The first sake brewpub outside of Japan doesn’t make much of a show of itself. With its slim, neon kanji windows, moto-i manages to keep a low profile. I’m not sure whether owner Blake Richardson foresaw the economy-driven backlash against the brash and ubercool, or whether the demure street front was just a well-timed choice. Whatever the reason, he has managed to slip by the skeptics and naysayers to bring us something entirely new. Bravo!

Junmai Nama Genshu, Junmai Nama, Junmai Nama Nigori; Fried Shishito Peppers; Tuna with Grated Diakon, Kawari Sprouts, and Oyster Sauce. Photos by Hubert Bonnet

Step inside moto-i, and its modesty slips just a peg to reveal a bit of cheek: the bar’s televisions all play Japanese programs, and the menus are delightfully thematic. However, set against the dark, sleek-lined furniture of its moody dining room, the space does not venture into kitsch. The staff takes sake-brewing seriously, and customers are treated to a wealth of information about the process. Richardson also is the owner of nearby brewpub Herkimer, so clearly, fermentation is a passion of his.

Normally, I discuss wine or beer in the context of pairing, and while the food at moto-i is impressive, the menu has been created to support the sake, not the other way around.

You can order a Minnesotan beer at moto-i, but unless you can’t tolerate sake, your first order of business should be a tasting flight ($12). Each sake at moto-i has its own distinct flavor, so it is only in sampling a few that you begin to appreciate just what Richardson has managed to accomplish.

Our first sake, Tokubetsu ($10), simply was bursting with notes of honeydew. Not too dry and not too sweet, it is smooth as liquid silk. Ginjo ($12) is subtler, with a hint of pear in the finish.

We also tasted Yamahai ($14) alongside Genshu ($9), and the contrast between the two was even more striking. Yamahai offered a velvety texture with a trace of banana, but Genshu presented something else entirely—cask-strength, it exchanges fruitiness for sensation, tickling the sides of the tongue. The bartender warned us not to make fast friends of Genshu, because its high alcohol content sneaks up on the unsuspecting enthusiast.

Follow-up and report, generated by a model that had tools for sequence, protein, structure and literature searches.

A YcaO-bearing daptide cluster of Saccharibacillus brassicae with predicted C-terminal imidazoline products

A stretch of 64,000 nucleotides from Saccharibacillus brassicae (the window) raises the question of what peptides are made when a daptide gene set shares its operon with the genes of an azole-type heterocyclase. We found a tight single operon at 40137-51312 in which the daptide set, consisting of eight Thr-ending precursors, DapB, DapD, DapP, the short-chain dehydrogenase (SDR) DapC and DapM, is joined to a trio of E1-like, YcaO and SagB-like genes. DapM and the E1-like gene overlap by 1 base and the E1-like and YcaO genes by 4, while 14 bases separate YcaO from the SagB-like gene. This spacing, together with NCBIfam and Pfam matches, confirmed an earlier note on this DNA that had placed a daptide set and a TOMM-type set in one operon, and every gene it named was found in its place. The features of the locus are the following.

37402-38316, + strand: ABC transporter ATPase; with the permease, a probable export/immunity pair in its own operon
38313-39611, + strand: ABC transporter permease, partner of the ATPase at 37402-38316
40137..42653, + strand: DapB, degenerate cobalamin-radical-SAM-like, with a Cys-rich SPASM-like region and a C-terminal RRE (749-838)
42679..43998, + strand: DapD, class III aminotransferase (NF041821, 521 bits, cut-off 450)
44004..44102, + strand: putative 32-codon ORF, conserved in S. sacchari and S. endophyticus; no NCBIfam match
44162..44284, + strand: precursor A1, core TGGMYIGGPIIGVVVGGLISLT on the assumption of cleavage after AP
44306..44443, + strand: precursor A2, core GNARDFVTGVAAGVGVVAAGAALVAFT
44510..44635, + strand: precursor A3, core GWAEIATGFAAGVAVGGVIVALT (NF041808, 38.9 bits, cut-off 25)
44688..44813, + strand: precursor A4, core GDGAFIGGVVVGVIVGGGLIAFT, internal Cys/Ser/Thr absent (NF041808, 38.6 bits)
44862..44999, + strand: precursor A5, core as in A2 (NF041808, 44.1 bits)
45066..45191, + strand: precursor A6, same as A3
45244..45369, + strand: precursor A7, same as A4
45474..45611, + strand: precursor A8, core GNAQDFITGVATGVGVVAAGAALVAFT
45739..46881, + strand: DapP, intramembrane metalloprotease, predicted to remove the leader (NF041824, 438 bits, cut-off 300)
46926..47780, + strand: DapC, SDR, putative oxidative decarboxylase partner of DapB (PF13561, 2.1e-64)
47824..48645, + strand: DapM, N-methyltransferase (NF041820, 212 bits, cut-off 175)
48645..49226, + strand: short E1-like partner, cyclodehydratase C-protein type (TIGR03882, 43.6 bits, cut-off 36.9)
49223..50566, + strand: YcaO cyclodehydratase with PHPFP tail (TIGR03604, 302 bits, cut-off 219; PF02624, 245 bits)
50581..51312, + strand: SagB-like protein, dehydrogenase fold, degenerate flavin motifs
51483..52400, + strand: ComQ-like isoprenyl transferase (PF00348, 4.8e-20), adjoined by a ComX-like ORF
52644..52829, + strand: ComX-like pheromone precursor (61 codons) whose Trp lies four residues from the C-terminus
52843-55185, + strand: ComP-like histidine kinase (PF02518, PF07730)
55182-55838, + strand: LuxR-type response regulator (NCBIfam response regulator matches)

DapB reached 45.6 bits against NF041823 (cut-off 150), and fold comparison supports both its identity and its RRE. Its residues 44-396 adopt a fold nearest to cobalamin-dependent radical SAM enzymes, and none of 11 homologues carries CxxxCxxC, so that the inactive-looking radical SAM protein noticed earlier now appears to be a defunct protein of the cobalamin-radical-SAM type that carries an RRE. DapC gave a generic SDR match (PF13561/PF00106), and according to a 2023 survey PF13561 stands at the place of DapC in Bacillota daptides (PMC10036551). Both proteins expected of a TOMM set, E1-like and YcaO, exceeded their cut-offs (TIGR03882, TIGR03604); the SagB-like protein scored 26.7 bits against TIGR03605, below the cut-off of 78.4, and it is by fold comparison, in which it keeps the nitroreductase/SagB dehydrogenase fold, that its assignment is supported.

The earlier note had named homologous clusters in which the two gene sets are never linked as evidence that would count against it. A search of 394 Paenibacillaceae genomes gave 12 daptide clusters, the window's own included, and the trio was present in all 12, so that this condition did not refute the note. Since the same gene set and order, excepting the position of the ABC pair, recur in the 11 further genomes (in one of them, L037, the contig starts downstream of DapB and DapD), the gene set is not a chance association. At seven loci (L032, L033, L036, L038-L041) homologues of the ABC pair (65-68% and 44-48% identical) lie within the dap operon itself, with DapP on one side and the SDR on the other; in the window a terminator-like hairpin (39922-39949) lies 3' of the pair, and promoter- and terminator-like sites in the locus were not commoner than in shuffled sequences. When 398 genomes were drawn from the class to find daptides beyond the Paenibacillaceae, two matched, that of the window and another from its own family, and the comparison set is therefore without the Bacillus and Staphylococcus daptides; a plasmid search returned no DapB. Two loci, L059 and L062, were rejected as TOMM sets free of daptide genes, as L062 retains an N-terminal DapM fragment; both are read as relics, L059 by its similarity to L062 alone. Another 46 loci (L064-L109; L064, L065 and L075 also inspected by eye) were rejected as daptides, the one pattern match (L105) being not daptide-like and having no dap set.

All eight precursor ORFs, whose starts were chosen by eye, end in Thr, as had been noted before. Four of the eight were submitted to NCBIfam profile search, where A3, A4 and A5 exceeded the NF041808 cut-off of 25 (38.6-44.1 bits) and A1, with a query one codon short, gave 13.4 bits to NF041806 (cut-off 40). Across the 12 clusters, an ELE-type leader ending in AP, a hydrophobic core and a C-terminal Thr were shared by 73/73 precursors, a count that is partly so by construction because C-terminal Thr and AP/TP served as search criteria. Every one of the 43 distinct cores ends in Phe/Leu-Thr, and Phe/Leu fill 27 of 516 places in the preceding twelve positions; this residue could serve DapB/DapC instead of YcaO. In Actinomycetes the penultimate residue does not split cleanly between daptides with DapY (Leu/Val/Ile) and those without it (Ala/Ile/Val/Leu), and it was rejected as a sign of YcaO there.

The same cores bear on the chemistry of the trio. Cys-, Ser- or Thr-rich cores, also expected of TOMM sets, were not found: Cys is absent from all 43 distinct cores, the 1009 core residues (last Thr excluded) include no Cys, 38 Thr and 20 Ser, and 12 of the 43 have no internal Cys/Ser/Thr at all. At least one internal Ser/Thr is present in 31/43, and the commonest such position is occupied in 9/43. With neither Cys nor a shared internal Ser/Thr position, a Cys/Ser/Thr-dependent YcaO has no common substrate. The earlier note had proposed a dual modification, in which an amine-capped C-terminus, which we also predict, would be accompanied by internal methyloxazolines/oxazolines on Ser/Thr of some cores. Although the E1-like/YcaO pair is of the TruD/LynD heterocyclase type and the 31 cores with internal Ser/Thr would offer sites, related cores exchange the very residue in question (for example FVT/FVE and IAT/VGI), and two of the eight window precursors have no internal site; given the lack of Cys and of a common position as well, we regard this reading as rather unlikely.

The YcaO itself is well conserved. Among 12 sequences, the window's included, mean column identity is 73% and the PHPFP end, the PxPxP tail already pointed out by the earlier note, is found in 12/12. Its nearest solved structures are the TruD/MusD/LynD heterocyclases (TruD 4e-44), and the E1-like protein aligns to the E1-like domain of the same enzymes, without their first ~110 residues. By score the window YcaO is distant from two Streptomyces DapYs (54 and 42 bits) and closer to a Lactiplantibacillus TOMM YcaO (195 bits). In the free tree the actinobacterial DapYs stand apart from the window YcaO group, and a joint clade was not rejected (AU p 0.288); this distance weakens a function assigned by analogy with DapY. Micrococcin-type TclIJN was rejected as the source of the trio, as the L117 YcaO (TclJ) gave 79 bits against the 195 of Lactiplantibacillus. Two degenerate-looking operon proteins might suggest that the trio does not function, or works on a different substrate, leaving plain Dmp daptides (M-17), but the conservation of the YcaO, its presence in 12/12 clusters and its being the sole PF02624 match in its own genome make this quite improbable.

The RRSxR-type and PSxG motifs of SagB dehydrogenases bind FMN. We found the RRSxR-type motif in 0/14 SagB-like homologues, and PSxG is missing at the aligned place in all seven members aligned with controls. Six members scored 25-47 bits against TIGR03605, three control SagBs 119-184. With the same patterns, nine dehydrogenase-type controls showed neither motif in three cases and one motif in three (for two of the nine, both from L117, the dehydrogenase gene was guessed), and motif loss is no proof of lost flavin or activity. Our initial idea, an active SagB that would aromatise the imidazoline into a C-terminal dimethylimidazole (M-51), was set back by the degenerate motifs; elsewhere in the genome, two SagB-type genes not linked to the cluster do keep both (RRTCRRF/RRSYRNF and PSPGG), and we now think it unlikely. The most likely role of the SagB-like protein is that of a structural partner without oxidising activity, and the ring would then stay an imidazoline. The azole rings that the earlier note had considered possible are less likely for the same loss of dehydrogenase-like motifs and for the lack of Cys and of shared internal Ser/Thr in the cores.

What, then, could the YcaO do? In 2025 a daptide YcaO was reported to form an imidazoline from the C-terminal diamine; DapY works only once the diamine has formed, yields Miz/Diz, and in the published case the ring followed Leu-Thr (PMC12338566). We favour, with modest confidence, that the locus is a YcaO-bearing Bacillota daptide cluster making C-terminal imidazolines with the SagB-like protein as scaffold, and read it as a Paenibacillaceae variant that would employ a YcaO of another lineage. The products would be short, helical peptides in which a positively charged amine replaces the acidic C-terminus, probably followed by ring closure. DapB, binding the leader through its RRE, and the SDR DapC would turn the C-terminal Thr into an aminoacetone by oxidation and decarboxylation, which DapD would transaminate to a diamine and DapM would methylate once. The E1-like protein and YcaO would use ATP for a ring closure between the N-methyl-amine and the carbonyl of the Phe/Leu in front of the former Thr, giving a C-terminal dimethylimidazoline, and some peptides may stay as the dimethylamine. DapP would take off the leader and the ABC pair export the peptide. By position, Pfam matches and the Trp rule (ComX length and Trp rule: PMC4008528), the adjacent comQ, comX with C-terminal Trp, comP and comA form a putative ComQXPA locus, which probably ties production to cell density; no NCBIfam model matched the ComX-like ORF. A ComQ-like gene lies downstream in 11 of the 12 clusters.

Lastly, Junmai Nama was crossed by Futsuu (both $8). Junmai Nama offers the same honeydew kiss as Tokubetsu, but it is more delicate. However, Futsuu is straight sassy. “Futsuu” is the term given to an informal, “daily” sake, and a sake sometimes is termed so when its maker isn’t quite satisfied. I always have favored flavor over smoothness, but if you’re of the other camp, try the same Futsuu served hot ($11), and it mellows out significantly.

If I hadn’t been eating food the whole time, I would have ended up a statistic. Luckily, the menu is broad enough to include everything from snacks to entrées, and they all are fabulous.

We began with appetizers. Fried Shishito Peppers with kosher salt ($4) are surprisingly sweet and mild, so before I knew it, they all were gone. If you need a bit of crunch, Taro Shoestrings ($3) are a decent chip alternative, served with spicy chili aoli. Thai Chili Peanuts ($3) are especially good with the lighter, sweeter sakes.

For a heartier snack, consider Hoisin Pork Bun ($3), a Northern Chinese-style steamed bun featuring a neat little rectangle of succulent pork tucked into a puffy dough pocket. Housemade Green Curry Chicken Dumplings ($8) are surprisingly light and spunky, with just a dash of curry to punch things up. Oven Roasted Chicken Wings (daily special at $7) are prepared as one traditionally would approach duck feet—cured and cooked in duck fat before a final crisping in the oven.

Entrées are plentiful as daily specials. Frequent features include Hawaiian Blue Prawns ($16), with perfectly al dente housemade pasta, carmelized garlic, chilis, and sake; Hangar Steak ($20), which is simply spectacular with thyme-miso butter and sautéed mitake mushrooms; and Coconut Green Curry ($10), a regular menu item worth ordering repeatedly—although one of moto-i’s spiciest dishes, I still found it to be very approachable.

Because of moto-i’s focus, I hadn’t expected the desserts to be as memorable, but Orange Blossom Panna Cotta ($4) is worth planning ahead for. Little chocolate pearls give a nice crunch to the creamy panna cotta, served in a sake glass, and spiked with light berry coulis.

Sata Andagi ($4) are traditional Okinawan doughnuts that have been dusted with sugar and five spice—if fried dough appeals to you, then a word of warning: Taste these, and State Fair doughnuts forever will be ruined for you. And you know what? That’s not altogether a bad thing, because moto-i should be in business for a long, long time—ubercool Uptown and all.

2940 Lyndale Ave. S., Mpls.
(612)-821-NAMA (6262)

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